The death of Toni Morrison, a Nobel-winning novelist, essayist, professor, and editor, marked the passing of a transcendent voice in American literature.

Morrison’s remarkable legacy as a writer is intertwined with an elegant mastery of multiple roles, including those of working mother and, for 15 years, editor in educational and trade book publishing.

A search through the PW archive offers a trove of materials that document the beginnings of Morrison’s glittering career in the 1970s as an influential author and a no-nonsense publishing professional, the first black female senior editor at Random House. And even as her literary reputation flourished, she was focused on the authors she acquired and edited—among them, Muhammad Ali, Toni Cade Bambara, Henry Dumas, Gayl Jones, and Huey P. Newton—and on the issues surrounding textbook and trade publishing of the time.

[Four publishing and literary professionals offer personal tributes to Toni Morrison]

Morrison was a social visionary as well. In a 1974 PW feature on women in publishing, she highlighted the problems that women face in the publishing industry, and she read her poems at a 1971 Publishers for Peace antiwar rally. She moved seamlessly between writing, editing, and teaching, and she was as comfortable (and entertaining) on a panel discussing the state of the novel as she was calling on writers to organize collective bargaining efforts against the very publisher that she worked for.

In a 1987 PW profile, Morrison noted, “People used to say how come you do so many things? It never appeared to me that I was doing very much of anything; really everything I did was always about one thing, which is books. I was either editing them or writing them or reading them or teaching them, so it was very coherent.”

On a panel (with novelist Erica Jong) about the state of the novel during the 1974 ABA Convention (the predecessor to BookExpo), Morrison spoke of writing The Bluest Eye and her surprise and delight that “7,500 people actually got up and bought [the book].” But, she added, after becoming a trade book editor and learning about “all the work, pain, agony, the struggles over paper, design, and budget” that go into publishing a novel, “not to have everybody in the U.S. rush out to buy my second novel, Sula, seemed unfair.”

Morrison was a pioneering novelist focused on the representation of African-American life as well as a pioneering editor—PW’s feature on women in publishing described her as “a unique combination in the trade.” In that same article, Morrison was blunt about the racial status quo of the publishing industry. “I need freedom more than power,” she said. “Some people think I’m some sort of Amazon, so in the future they may expect other black women editors to be Amazons. But for years they have hired dumb whites so why not include dumb blacks?”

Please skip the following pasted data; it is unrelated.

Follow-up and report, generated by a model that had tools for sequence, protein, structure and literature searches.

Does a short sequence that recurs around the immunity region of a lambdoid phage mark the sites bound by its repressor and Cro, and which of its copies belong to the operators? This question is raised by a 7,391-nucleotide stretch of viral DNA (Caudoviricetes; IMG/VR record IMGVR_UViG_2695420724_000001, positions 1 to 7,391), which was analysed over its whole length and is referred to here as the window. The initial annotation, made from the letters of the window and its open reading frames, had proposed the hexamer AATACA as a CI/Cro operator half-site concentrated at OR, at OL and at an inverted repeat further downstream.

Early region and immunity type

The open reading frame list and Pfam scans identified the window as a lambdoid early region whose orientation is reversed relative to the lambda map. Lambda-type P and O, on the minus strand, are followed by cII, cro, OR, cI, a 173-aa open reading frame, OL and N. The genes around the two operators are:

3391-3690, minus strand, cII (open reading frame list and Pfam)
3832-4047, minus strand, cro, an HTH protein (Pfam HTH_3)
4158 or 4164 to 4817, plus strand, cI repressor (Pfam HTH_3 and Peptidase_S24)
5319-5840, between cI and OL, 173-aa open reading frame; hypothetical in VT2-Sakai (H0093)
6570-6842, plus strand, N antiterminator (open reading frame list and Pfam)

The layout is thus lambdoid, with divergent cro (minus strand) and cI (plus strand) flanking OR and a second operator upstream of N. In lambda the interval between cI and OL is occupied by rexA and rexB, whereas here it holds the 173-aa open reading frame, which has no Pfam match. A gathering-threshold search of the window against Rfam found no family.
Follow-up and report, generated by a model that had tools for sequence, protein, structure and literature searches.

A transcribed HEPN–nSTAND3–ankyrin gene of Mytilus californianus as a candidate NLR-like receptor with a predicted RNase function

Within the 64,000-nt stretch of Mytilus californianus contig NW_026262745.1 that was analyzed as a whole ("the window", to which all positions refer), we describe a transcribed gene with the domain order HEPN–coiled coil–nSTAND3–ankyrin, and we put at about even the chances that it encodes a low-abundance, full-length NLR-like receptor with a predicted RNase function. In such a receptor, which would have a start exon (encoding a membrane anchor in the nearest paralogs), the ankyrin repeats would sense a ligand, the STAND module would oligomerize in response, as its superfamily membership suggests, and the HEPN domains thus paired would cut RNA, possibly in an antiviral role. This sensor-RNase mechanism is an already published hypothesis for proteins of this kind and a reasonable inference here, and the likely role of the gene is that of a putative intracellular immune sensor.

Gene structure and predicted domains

By the early 1980s Morrison had cut back on editing to focus on her writing, but editing was still critical to her creative vision. “Piercing knots in language and in ideas, assisting in the discovery of clarity, connections, illustrations, tone are what editing requires,” she said. “I thrive on the urgency that doing more than one thing provides—on the sense of pressure that I either need or am accustomed to.”

While she was an elite literary author, Morrison remained an iconoclastic troublemaker. In an account of the 1981 American Writers Congress, PW said Morrison’s “rousing” keynote address (“interrupted frequently by cheers and applause”) set the tone for the rest of the event. Her speech managed to champion the centrality of editors alongside writers, as the publishing industry transitioned into an era of corporate ownership and relentless demands for growth.

“Writers today are regarded as toys,” Morrison said in the speech, adding, “Editors are now judged by the profitability of what they acquired rather than by what they acquire, or the way they acquire it. Acceptance of the givenness of the marketplace keeps us in ignorance. We are in an adversary relationship with publishers.”

Morrison’s career as a novelist and essayist began while she was working as a textbook editor for an educational publisher based in Syracuse, N.Y., in the late 1960s. “It wasn’t really writing,” she told PW in that 1987 profile, describing the beginnings of her first novel. “It was sort of doing something at night, rather than cultivating friendships. I found myself very good company, so I never needed a party or a dinner in order to make me wonder on Saturday night, what are you going to do? And besides I had these little children, so I wrote at night, sporadically, trying to build on a story I had written years before. I liked the authority of being in a place where I was doing it, and I liked how hard it was. And I liked the privacy, the interior world that was all mine, the freedom to explore that in a systematic way.”